The Disappearance of the Princes in the Tower

What happened to them? Were they actually murdered? If so, who did it? The disappearance of young King Edward V and his brother Richard in 1483 remains a mystery. They were last seen in the Tower of London in the summer of that year, where they were being held ‘for safekeeping’ after being declared bastards by their uncle Richard, who became king in Edward’s place as Richard III. Perhaps the most unnerving thing about their disappearance is that no one seems to have put much effort into looking for them. It was just accepted that they…disappeared...as if vanished into thin air. Lack of efforts in clearing the mystery at the time can be of course explained by political expediency, since a missing king and his brother are two less claimants to the throne. However the lack of credible evidence on their fate—barring political slander and second-hand testimony—is certainly odd in an age when all affairs of state were documented. The classic theory is that they were smothered in their sleep on the orders of their uncle Richard III and were then buried secretly in the Tower. Almost 200 years later, during the reign of Charles II, the bones of two children roughly the Princes’ ages were found buried beneath a staircase in the fortress. They were assumed to be the two unlucky boys and they were given honourable burial in Westminster Abbey. A forensic examination in the 1930s confirmed that the bones were of the right age. But was it really them? And if not…whose young bones are they? And why were they buried secretly beneath a staircase?...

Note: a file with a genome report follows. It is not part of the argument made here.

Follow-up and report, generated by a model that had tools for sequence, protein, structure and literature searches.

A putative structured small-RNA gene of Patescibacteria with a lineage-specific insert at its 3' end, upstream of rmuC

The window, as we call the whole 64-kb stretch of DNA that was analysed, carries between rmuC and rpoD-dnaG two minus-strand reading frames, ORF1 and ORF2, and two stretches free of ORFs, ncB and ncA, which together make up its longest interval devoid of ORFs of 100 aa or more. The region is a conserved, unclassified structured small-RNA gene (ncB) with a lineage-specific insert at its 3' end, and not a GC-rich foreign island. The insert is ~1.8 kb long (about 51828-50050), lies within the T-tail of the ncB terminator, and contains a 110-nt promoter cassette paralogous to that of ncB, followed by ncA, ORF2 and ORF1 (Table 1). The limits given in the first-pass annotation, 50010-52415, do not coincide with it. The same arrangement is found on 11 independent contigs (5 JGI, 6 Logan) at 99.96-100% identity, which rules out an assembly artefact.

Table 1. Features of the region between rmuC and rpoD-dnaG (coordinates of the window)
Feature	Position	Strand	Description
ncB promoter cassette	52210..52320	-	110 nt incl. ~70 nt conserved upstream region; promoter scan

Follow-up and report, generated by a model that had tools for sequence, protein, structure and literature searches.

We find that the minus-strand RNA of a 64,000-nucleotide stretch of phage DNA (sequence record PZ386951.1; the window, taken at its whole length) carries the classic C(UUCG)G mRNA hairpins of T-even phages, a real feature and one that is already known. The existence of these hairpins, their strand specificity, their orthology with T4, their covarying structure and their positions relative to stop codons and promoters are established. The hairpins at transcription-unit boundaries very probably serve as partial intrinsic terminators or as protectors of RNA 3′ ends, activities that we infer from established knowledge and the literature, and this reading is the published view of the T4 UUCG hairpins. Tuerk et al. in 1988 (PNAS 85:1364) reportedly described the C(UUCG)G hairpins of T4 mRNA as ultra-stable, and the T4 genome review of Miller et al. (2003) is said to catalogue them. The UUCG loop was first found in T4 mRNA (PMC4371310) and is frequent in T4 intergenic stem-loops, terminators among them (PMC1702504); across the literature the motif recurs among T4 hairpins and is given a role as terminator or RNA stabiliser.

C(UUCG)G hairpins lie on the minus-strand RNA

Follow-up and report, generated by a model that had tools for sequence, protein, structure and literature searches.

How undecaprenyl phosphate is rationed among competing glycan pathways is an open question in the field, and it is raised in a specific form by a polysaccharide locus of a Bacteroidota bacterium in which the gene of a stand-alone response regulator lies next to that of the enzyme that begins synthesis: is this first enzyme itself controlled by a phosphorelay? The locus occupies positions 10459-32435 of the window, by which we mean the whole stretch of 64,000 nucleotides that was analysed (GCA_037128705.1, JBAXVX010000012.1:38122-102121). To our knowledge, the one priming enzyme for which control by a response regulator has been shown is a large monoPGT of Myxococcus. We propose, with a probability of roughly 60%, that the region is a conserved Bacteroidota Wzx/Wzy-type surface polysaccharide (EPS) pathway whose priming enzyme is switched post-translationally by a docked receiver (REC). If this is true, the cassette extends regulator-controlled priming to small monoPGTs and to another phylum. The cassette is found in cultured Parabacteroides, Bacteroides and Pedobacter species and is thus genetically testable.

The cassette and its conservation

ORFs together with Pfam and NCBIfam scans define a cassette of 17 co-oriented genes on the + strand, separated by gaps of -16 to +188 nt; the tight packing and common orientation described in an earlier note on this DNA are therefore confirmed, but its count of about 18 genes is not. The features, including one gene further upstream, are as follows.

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Edward V and his brother Richard in a painting by Paul Delaroche from 1830 in the Wallace Collection, London.


An Old Woman is Hacked on the Scaffold

Imagine being a noble lady of royal blood, and managing to survive, by hook and by crook, into your sixties despite the many intrigues and dangers surrounding the court of King Henry VIII. And then being told one morning that you will be executed within the hour. That is what happened to Margaret Pole, Countess of Salisbury, a niece of King Edward IV and first cousin once removed of Henry VIII. Her crime was essentially that of having a claim to the throne by blood and of having passed it to her son, one of Henry’s enemies. Margaret was imprisoned in the Tower of London in 1539 on trumped-up charges of treason but she proclaimed her innocence for the whole 18 months she was kept there, even writing on the walls of her cell “I am no traitor, no, not I!...Christ in Thy mercy, Thou save me!”. It was to no avail. On 27 May 1541 she was dragged out of her cell to a corner of the Tower and was beheaded by a young inexperienced executioner, since the main executioner was busy elsewhere. Instead of striking a clean blow, the poor boy hacked and hacked on Margaret’s neck and body, to the horror of spectators, until the head finally came off in a bloody, horrible mess.


Ghostly Appearances at Hampton Court

Hampton Court Palace, on the outskirts of London in Surrey, is said to be filled with the ghosts of Henry VIII’s family and courtiers. The most famous is the one of Catherine Howard, Henry’s fifth wife, who was sentenced to death in 1542 after committing adultery. Catherine pityingly pleaded with Henry for forgiveness at Hampton Court before she was arrested and executed, and her ghost has been reported by many people to still wander the palace. Her favourite spot seems to be the appropriately re-named Haunted Gallery, near the Chapel, where many visitors have reported unexplained chills and noises. Jane Seymour, Henry’s third wife who died in childbirth at Hampton Court in 1537, is also said to wander the palace, especially around the date of her death on 25 October. And one of Edward VI’s nurses has been making apparitions since her tomb was disturbed in 1829. The spookiest ghost of all though has to be the so called ‘Skeletor’. He (or she) was first seen in 2003 when for three consecutive nights fire doors in the palace were invisibly opened and closed with no apparent explanation. A CCTV camera finally captured the unsettling footage below…



Henry VIII’s Horrid Prophecy